Fragmentation Remains a Major Factor in OTT Video World
After cutting its teeth on the Roku platform, Float Left, a privately held company founded in 2009 that specializes in developing and deploying TV apps, has extended a bridge to several other major streaming platforms. The list included Apple TV, mobile, smart TVs, Amazon Fire TV and Vewd (formerly known as Opera TV).
In addition to developing custom apps for major brands such as Crackle, NBC Sports and AMC, Float Left has also created a white-label TV apps product called Flicast that can help mid-tier brands and smaller players extend onto a growing ecosystem.
While the process of hitting all of those platforms has gotten easier, video publishers are still faced with a fragmented platform market that makes it a challenge to bring a high-performance “native” experience to all (or most) of them.
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Multichannel News technology editor Jeff Baumgartner recently caught up with Float Left CEO Tom Schaeffer to discuss how those challenges are being overcome along with other trends that are affecting the multiscreen video sector. An edited transcript follows.
MCN: Let’s start with the name. What does Float Left refer to in the context of TV apps and your business?
Tom Schaeffer: Unfortunately, it really doesn’t. [Laughs.] When I founded the company, for a very brief time we were a web applications business. We were building web apps. Float Left is a reference to an HTML styling paradigm. It’s a way to lay out items on a web page. We were just sitting around and it was the least terrible name we could think of.
MCN: You develop on a bunch of platforms. Fragmentation has always been seen as a long pole in the tent. Is that still the case when it comes to the biggest tech or operational challenges faced by the industry today?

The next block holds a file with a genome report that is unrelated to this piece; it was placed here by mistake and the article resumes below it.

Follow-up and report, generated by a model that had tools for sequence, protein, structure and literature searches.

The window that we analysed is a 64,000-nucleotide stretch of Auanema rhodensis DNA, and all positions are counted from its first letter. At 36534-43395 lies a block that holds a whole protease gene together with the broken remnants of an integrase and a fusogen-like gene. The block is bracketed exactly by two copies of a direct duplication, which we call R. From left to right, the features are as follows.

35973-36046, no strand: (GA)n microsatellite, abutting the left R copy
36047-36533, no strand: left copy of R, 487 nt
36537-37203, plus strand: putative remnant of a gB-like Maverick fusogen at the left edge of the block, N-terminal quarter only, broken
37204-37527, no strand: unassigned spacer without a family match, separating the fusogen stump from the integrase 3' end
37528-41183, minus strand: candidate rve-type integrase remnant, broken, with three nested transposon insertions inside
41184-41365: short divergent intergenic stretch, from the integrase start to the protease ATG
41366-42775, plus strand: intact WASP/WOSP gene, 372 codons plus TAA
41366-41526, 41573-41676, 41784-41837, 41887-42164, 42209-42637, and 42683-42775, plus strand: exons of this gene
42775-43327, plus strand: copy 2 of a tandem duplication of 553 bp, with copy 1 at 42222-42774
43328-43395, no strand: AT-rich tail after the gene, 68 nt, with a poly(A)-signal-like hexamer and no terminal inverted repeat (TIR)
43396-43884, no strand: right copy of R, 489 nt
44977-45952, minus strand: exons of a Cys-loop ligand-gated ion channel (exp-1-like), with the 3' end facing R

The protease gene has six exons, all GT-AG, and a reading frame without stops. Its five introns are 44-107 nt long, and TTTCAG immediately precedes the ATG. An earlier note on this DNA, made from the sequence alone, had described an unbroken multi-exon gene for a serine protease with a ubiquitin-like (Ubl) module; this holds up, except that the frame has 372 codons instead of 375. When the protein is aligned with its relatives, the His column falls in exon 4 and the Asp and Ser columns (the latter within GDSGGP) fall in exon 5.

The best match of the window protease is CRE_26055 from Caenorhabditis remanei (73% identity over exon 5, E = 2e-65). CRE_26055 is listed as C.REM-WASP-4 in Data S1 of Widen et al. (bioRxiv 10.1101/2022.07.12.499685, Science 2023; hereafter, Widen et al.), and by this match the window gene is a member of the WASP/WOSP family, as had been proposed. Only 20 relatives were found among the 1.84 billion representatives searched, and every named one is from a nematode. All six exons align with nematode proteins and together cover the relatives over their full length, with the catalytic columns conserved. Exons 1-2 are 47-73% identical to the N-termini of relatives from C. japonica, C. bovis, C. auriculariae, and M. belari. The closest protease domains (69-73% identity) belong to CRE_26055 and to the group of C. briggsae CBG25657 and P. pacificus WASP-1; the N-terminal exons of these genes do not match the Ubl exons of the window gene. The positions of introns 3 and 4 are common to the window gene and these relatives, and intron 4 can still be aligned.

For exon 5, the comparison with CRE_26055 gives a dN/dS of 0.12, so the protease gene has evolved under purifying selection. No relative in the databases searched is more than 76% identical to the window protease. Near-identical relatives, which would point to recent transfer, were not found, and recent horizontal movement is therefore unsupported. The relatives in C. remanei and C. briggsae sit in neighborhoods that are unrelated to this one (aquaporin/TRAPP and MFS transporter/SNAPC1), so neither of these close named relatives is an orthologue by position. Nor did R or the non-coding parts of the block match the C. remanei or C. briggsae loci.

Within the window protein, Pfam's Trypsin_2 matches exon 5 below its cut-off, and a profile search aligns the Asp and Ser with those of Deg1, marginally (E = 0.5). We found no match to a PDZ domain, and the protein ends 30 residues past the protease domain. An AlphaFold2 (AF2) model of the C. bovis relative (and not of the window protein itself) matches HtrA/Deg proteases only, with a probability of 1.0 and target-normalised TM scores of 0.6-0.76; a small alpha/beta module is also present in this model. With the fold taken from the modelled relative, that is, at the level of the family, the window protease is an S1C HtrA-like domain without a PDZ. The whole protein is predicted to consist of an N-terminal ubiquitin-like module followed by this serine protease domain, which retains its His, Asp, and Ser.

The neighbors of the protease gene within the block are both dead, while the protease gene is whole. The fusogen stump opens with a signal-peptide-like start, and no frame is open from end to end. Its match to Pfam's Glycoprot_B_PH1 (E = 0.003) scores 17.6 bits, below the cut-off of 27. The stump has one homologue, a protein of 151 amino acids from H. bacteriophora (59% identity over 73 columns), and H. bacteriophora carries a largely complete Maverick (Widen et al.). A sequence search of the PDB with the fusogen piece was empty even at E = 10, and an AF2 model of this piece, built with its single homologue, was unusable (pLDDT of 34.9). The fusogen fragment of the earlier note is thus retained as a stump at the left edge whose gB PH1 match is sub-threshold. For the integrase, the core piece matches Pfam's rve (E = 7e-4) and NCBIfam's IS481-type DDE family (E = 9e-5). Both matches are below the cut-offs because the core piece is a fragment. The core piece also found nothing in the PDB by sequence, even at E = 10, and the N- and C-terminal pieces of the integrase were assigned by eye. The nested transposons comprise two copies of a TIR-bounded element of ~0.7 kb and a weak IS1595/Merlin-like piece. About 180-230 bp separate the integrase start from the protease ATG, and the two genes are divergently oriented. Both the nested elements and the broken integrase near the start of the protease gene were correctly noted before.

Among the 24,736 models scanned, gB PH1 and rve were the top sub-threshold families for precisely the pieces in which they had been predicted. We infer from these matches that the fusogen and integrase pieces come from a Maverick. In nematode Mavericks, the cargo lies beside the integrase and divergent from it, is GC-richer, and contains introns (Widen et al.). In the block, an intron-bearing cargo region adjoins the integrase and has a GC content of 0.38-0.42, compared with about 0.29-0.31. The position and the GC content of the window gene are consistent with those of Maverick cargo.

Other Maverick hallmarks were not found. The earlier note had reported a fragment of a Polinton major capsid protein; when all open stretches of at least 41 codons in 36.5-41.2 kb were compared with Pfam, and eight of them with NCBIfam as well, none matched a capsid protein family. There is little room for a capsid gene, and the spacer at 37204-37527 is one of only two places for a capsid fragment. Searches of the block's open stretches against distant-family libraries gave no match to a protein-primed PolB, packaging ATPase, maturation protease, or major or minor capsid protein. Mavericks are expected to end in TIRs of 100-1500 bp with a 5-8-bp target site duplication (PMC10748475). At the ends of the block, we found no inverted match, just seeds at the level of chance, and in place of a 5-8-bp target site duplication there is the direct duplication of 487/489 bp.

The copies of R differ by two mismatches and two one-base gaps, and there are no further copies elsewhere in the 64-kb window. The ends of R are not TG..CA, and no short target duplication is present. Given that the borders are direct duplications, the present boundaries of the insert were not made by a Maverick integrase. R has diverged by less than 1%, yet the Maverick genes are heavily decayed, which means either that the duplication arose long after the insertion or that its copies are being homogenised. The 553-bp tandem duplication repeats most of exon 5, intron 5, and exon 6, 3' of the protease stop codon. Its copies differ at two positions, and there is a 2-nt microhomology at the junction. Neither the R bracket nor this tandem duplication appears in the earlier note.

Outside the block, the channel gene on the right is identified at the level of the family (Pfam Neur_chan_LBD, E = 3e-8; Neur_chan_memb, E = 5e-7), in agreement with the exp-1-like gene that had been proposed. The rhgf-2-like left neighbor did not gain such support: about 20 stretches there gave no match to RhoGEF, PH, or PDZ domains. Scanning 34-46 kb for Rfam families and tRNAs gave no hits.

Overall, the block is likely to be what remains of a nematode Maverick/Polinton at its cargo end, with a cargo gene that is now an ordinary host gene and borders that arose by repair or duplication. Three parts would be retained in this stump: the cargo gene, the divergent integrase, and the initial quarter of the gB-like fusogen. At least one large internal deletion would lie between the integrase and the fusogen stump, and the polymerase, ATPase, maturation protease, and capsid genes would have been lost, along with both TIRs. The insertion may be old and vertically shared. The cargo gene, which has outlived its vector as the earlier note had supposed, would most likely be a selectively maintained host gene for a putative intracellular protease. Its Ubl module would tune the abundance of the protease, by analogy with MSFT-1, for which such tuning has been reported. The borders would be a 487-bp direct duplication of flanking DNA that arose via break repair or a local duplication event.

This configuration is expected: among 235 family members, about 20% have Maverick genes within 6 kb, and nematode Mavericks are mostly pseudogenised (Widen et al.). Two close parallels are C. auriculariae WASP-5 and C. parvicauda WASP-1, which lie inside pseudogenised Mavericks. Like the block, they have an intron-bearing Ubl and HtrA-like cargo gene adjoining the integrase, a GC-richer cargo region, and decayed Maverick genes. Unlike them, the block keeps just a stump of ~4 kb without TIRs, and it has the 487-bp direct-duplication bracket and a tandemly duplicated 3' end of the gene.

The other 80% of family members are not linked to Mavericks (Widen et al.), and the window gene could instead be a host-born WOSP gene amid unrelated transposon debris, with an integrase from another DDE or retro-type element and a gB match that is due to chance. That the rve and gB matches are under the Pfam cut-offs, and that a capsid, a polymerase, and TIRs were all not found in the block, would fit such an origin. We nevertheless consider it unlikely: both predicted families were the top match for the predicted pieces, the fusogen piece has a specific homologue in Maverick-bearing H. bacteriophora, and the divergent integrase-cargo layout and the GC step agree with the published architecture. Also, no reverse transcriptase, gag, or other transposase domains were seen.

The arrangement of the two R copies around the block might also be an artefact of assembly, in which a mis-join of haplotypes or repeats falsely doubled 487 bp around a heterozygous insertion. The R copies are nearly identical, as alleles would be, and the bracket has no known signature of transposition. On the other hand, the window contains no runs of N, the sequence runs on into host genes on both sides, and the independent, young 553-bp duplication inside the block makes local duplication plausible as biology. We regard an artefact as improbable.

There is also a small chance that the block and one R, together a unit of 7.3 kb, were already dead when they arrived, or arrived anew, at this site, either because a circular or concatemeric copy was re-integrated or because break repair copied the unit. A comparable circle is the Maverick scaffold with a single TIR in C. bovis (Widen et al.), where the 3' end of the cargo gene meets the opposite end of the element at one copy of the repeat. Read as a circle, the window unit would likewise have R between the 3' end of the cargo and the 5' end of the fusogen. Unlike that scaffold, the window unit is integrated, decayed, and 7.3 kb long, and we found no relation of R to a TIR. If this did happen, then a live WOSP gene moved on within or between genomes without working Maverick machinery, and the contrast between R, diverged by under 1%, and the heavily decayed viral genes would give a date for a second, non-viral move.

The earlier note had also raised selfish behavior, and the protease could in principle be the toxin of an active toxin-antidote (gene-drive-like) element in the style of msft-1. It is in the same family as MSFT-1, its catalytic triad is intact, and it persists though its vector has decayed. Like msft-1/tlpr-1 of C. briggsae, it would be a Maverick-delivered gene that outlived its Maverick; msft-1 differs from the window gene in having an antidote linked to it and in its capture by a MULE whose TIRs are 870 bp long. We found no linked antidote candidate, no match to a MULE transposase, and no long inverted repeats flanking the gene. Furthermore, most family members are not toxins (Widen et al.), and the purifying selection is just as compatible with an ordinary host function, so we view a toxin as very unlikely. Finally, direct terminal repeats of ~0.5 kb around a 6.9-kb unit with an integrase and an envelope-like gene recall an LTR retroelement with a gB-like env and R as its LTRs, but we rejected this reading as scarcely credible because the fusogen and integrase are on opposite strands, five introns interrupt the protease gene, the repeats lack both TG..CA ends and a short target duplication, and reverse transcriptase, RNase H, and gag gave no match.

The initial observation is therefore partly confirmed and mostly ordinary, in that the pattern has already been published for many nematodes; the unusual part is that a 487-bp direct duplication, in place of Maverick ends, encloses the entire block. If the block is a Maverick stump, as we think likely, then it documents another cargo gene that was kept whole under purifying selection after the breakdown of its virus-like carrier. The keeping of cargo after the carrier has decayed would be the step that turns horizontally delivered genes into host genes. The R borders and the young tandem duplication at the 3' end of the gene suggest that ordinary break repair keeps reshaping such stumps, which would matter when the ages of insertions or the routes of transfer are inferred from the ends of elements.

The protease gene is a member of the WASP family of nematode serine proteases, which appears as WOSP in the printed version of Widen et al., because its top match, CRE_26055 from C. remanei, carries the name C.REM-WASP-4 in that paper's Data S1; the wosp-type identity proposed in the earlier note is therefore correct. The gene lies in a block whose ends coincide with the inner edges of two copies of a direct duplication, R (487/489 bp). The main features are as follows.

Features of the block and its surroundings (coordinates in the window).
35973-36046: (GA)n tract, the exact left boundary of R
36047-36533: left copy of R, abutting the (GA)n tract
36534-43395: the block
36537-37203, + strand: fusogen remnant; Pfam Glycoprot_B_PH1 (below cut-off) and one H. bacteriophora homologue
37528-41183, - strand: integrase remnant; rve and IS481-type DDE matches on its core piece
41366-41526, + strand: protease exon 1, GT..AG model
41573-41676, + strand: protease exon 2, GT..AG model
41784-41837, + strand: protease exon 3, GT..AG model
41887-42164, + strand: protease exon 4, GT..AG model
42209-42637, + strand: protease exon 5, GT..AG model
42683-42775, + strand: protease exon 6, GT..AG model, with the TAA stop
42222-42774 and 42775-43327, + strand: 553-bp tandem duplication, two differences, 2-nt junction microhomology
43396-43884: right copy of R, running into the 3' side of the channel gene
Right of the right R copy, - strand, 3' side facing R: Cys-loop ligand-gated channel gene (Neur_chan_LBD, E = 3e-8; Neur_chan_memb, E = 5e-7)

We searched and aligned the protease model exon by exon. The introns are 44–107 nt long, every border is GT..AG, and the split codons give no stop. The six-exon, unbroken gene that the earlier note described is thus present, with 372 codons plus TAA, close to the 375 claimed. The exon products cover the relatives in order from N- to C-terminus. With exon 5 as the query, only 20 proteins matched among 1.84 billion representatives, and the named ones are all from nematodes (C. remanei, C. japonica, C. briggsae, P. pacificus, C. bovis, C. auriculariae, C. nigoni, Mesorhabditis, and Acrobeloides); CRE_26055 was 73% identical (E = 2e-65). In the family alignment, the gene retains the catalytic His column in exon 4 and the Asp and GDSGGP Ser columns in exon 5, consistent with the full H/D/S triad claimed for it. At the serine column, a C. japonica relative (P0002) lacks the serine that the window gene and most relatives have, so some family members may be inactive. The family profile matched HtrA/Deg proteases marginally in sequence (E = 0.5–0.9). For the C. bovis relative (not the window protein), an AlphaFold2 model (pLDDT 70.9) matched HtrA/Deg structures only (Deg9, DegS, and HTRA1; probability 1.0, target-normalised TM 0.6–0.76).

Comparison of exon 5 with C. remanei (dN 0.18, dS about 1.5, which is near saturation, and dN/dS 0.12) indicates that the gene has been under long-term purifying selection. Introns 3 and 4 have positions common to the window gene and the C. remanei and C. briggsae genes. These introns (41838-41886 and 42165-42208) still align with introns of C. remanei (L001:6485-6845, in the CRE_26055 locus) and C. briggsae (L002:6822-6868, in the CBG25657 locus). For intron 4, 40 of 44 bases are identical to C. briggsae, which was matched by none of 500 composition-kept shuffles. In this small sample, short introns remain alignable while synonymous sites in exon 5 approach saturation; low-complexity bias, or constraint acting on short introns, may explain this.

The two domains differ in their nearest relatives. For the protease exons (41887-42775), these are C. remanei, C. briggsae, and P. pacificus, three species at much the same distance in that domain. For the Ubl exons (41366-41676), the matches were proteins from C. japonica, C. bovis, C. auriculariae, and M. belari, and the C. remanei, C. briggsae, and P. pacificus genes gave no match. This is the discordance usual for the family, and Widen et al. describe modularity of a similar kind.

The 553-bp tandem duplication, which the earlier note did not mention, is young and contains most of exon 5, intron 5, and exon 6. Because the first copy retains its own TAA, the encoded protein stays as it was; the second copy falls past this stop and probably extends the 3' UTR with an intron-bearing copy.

TS: For companies that are doing this what I’d argue is the right way, which is pure, native development for all of these different platforms, yes, [fragmentation] still presents a huge challenge. You do make up some ground with the smart TV ecosystem, where everything is based in HTML5. But for the platforms that are driving a lot of the ROI for the brand — Apple TV and Roku and [Amazon] Fire TV — those are absolutely independent platforms and require different code and different skill sets.
Part of the strategy we’ve put forth is we want to invest in native. Yes, it’s going to take longer, and yes, it’s going to be more of a technical challenge, but we know the end product and the result that the publishers get when they get that complete suite of apps. It’s an overall better experience. It’s easier for [the publishers] to manage, and it’s easier for us to manage on behalf of them.
We thought with the Smart TV Alliance that this was the first step in a unification of code to make the TV experience better, but really everyone is going in their own direction. And we don’t see that getting better, at least with respect to the platforms that matter to publishers today.
That’s what Flicast is … underneath that is a technology that helps to make this process manageable for us and for the publishers.
MCN: So we’re not yet at a point where it’s code once, deploy everywhere, because there are still enough nuances between these platforms?
TS: If you’re doing one code and you’re deploying everywhere, you’re not truly going native. That does impact performance at the end of the day. From our perspective, it’s still very fragmented. We’re not at a place now, and I don’t think we’ll ever be at a place, where you hit a button and it kind of goes everywhere. It’s more managed in frameworks and tools that we’re developing underneath the surface.
MCN: What platform is the most grueling to develop for in terms of certification? Do they all represent a degree of pain?